Understanding Generative Adversarial Network With A How To Tutorial In TensorFlow And Python

by | Mar 8, 2023 | Artificial Intelligence, Machine Learning

What is a Generative Adversarial Network (GAN)? What are they used for? How do they work? And what different types are there? This article includes a tutorial on how to get started with GANs in TensorFlow and Python.

What is a Generative Adversarial Network (GAN)?

Generative Adversarial Network (GAN) are a type of deep learning model consisting of two neural networks, a generator and a discriminator, that work in opposition. On the one hand, the generator learns to make new examples that resemble input data. On the other hand, the discriminator learns to tell the difference between real examples and ones made by the generator.

Random noise is fed into the generator, making fake data look like real data. The discriminator takes both the real data and the made-up data as input and guesses whether each example is real or fake. The generator then learns to make better outputs by making the discriminator think the data it creates is real.

During training, the two networks are trained simultaneously, with the discriminator being trained to identify real data and generate data correctly. The generator is trained to generate data difficult for the discriminator to distinguish from real data.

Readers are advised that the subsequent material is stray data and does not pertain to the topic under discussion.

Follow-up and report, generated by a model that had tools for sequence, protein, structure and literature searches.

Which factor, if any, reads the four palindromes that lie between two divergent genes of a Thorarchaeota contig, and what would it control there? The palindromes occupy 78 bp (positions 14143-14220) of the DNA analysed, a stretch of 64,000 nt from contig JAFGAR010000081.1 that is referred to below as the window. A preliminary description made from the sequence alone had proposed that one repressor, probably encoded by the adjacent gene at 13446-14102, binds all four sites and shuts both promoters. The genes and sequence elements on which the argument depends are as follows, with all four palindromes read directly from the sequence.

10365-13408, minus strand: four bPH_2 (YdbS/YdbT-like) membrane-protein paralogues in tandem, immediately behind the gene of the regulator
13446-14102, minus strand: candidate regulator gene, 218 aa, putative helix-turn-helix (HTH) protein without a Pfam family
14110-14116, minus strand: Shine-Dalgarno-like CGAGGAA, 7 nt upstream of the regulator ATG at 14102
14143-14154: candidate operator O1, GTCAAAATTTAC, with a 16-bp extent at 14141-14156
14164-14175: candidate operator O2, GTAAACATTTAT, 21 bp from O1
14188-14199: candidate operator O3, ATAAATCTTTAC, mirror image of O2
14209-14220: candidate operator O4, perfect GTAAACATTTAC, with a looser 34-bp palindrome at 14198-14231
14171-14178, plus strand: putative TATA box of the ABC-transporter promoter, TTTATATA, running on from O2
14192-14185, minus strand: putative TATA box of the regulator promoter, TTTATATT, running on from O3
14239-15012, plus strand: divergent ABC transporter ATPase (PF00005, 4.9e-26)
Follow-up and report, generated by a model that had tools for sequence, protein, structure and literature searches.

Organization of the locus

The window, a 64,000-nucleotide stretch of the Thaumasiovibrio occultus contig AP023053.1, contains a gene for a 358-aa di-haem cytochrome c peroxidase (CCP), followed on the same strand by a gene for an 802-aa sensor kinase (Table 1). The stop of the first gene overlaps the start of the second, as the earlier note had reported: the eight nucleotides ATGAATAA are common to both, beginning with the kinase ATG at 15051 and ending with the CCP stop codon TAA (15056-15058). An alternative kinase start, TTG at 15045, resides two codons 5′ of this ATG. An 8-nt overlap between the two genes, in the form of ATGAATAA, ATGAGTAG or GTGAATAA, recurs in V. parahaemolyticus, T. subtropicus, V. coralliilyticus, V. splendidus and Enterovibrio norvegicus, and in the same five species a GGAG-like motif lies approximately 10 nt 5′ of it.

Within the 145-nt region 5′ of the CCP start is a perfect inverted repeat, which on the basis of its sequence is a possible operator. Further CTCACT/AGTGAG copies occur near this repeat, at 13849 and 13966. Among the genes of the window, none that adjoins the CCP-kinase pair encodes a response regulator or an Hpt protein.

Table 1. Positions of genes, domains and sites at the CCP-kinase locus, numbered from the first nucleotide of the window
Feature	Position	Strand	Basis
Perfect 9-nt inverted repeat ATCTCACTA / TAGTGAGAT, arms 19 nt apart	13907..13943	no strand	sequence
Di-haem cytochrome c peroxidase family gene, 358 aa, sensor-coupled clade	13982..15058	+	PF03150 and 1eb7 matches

GANs have been used to make real-looking pictures, videos, and music and to produce data for other uses. Like adding to data for machine learning tasks.

But GAN training can be problematic because training the two networks simultaneously can be hard. Problems like mode collapse and situations where the generator only learns a few outputs can be difficult to fix.

What does a GAN network look like?

A GAN network consists of two neural networks: a generator and a discriminator. The generator takes random noise as input and generates fake data that resembles the input data. The discriminator takes both real data and generated data as input and predicts whether each example is real or fake.

Most of the time, the generator comprises multiple layers of fully connected or convolutional neural networks. These networks take the random noise into a higher-dimensional space that looks like the data that went into it. The output of the generator is then fed into the discriminator.